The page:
- Posted December 26, 2013 by
- Jok's Release: Violence in South Sudan, January 4, 2013
- Jok Madut Jok Sharing on South Sudan Crisis: Jaunary 5, 2014
- Jok's Update: Talks to end violence is underway: January 5, 2014
- Jok's learns from his father: South Sudan, January 4, 2014
- Jok Says: "The future of our country is greater than a few internet warriors....": January 2, 2014
Jok's Update, South Sudan, December 24, 2013
December 24, 2013
International media, BBC, Hannah McNeish, please stop spreading these lies and making the situation in my country worse. I am not saying that ethnic clashes are caused by them, but they are not helping the situation by the kind of ghastly reporting that has happened over the past two nights. please, please stop hearing from one Nuer or Dinka person about their ordeal and then making the scale of it many times than it actually is. please be careful, otherwise, you are making it far worse, and i believe that is not really what you want.
December 24, 2013
Please do realize that i am not saying that horrific things did not happen. you will also realize that i was one of the first to describe in my two previous reports in this space about what i witnessed against Nuer in Juba. What i am now saying is that journalists, one of whom claimed today to be the first "Western Journalist" to witness the situation in South Sudan, are framing the issues in a way that does not help. I will be the last to to try to hide the truth, gun to my head or not. What i am saying that you can't go into the UN camp in Juba as a journalist and claim that you have seen or heard the whole truth. There is far more to it than just hearing one distraught Nuer or Dinka and believe them face value that what they are saying without cross-checking that against other sources. I have driven through some of these neighborhoods but the journalists are talking about "eye witness accounts" in a country where the situation is so politicized that one's opinion is not just a reflection of what has happened to them, but a commentary on what they think is the general situation. My work on social cohesion and ethnic harmony will speak for itself, instead of me defending myself. I am a person who has continuously call for South Sudanese ordinary people to forge our own way forward, away from those leaders who are trying to get to public office at our own expense. But the way the current situation is being reported as a Nuer-Dinka fight is what i object to, based on what i have seen first hand, and not from "eye-witness account."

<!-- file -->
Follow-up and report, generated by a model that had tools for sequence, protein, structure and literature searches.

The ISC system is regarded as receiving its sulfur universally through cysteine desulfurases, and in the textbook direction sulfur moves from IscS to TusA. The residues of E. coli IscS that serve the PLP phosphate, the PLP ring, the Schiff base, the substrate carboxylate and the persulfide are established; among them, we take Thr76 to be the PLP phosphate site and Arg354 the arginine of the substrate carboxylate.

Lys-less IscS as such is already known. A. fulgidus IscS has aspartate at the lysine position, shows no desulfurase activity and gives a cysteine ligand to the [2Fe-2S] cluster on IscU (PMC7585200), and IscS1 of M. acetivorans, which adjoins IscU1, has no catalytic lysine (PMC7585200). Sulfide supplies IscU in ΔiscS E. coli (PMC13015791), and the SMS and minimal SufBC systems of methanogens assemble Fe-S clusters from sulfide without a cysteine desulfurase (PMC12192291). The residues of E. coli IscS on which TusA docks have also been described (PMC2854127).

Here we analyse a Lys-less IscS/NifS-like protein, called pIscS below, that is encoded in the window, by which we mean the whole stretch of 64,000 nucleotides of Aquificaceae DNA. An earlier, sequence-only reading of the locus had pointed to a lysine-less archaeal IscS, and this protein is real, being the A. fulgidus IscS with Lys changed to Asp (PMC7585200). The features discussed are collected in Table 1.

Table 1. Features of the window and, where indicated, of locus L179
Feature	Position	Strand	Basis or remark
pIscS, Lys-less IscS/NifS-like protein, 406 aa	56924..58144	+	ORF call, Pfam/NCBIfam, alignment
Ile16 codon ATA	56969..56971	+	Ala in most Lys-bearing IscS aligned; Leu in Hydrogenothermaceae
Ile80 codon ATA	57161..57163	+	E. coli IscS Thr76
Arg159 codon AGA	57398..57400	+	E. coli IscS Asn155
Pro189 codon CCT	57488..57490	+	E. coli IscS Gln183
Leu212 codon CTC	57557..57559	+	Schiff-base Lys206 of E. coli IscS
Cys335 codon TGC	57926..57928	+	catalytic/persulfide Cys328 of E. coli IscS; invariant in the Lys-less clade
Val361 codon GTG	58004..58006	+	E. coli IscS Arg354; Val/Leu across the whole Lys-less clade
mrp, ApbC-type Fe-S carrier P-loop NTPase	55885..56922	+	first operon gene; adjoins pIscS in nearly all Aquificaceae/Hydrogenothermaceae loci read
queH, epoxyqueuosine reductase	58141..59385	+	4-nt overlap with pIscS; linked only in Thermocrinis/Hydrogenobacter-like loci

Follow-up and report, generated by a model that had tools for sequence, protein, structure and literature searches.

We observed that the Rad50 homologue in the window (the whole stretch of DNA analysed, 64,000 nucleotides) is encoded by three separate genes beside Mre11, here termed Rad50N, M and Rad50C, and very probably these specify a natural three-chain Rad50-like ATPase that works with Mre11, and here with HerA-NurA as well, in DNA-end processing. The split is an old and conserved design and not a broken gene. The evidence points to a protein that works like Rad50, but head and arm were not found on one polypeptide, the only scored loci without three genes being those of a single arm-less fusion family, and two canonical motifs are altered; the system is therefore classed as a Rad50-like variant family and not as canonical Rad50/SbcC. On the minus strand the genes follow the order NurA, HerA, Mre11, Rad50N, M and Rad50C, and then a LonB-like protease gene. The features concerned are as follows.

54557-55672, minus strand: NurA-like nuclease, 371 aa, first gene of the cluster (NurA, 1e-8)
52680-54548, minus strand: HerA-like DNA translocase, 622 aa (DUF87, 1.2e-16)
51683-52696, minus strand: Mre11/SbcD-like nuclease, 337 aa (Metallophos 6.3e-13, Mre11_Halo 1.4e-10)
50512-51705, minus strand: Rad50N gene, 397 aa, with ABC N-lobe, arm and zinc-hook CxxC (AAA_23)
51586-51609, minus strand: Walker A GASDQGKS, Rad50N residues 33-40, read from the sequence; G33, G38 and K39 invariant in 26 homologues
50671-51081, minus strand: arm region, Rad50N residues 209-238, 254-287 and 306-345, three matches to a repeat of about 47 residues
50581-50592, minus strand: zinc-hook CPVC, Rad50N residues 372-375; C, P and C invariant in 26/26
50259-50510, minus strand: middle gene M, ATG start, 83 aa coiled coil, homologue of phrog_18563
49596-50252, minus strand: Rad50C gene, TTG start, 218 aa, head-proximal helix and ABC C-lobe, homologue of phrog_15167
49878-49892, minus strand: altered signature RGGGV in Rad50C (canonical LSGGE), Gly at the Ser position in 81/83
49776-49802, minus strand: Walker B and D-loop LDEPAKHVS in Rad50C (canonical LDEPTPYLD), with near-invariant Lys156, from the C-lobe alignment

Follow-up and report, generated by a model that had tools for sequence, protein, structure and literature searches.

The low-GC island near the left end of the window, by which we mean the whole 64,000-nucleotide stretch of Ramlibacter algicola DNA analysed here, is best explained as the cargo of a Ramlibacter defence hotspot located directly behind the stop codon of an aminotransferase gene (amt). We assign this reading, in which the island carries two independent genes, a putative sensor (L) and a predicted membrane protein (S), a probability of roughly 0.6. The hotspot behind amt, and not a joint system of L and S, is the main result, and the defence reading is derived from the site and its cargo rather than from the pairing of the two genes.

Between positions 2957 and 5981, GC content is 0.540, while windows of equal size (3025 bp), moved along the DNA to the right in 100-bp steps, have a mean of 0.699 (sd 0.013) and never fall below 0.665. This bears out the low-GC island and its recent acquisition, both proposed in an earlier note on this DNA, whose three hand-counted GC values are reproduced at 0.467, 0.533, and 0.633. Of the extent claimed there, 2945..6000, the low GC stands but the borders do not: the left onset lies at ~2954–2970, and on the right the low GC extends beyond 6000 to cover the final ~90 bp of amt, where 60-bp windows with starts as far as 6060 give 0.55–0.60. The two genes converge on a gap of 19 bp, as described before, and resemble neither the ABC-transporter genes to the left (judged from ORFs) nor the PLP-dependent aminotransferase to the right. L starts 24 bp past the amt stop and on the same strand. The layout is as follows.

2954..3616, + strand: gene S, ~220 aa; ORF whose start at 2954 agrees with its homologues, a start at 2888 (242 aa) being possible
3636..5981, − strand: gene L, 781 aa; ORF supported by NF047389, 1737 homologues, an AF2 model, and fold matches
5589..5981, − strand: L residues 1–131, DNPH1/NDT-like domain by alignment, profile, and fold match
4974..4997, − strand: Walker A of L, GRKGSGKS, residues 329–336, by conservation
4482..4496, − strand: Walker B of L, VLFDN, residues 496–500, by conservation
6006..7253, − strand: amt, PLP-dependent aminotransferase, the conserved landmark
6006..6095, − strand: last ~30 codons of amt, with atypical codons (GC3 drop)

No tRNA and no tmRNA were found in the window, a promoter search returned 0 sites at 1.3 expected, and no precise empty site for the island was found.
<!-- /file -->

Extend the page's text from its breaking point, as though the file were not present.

December 24, 2013
What exactly is the point of journalistic reports about any incident of violence or political wrangling? Their point in my view is to first of all inform, alert the world community about what has happened. secondly, it is to try to explain the situation in such a way that the incident can be stopped so more death can be prevented. If i am right in summarizing what i believe is the moral duty of journalism, then i am not sure what has been reported in the last few days by many international journalists does any of that. We are a community here, we have many ways to resolve our own conflicts, and the context is complex. Yes, people have died in Juba at the hands of the Dinka and scores have died in Jonglei, Upper Nile and Unity, including my own immediate cousin, at the hands of Nuer. All of that killing is a few individuals for reason known to them only who are doing this. so what does it help for BBC or Hannah MacNeish to say that the Dinka-led government in Juba ordered the killing? What does purpose does it serve in view of the ethics of journalism does it serve for any one to say that these people died in the name of "tribe.?" How does that help us here as a community to stem the tide of these killings, if we keep telling South Sudanese that "oh, your kin were just murdered in cold blood by Nuer in Bentiu or in Juba by Dinka?" all without verification of the complex ethnic, historical and political issues involved? One journalist please tell me how your reporting has helped stem the violence?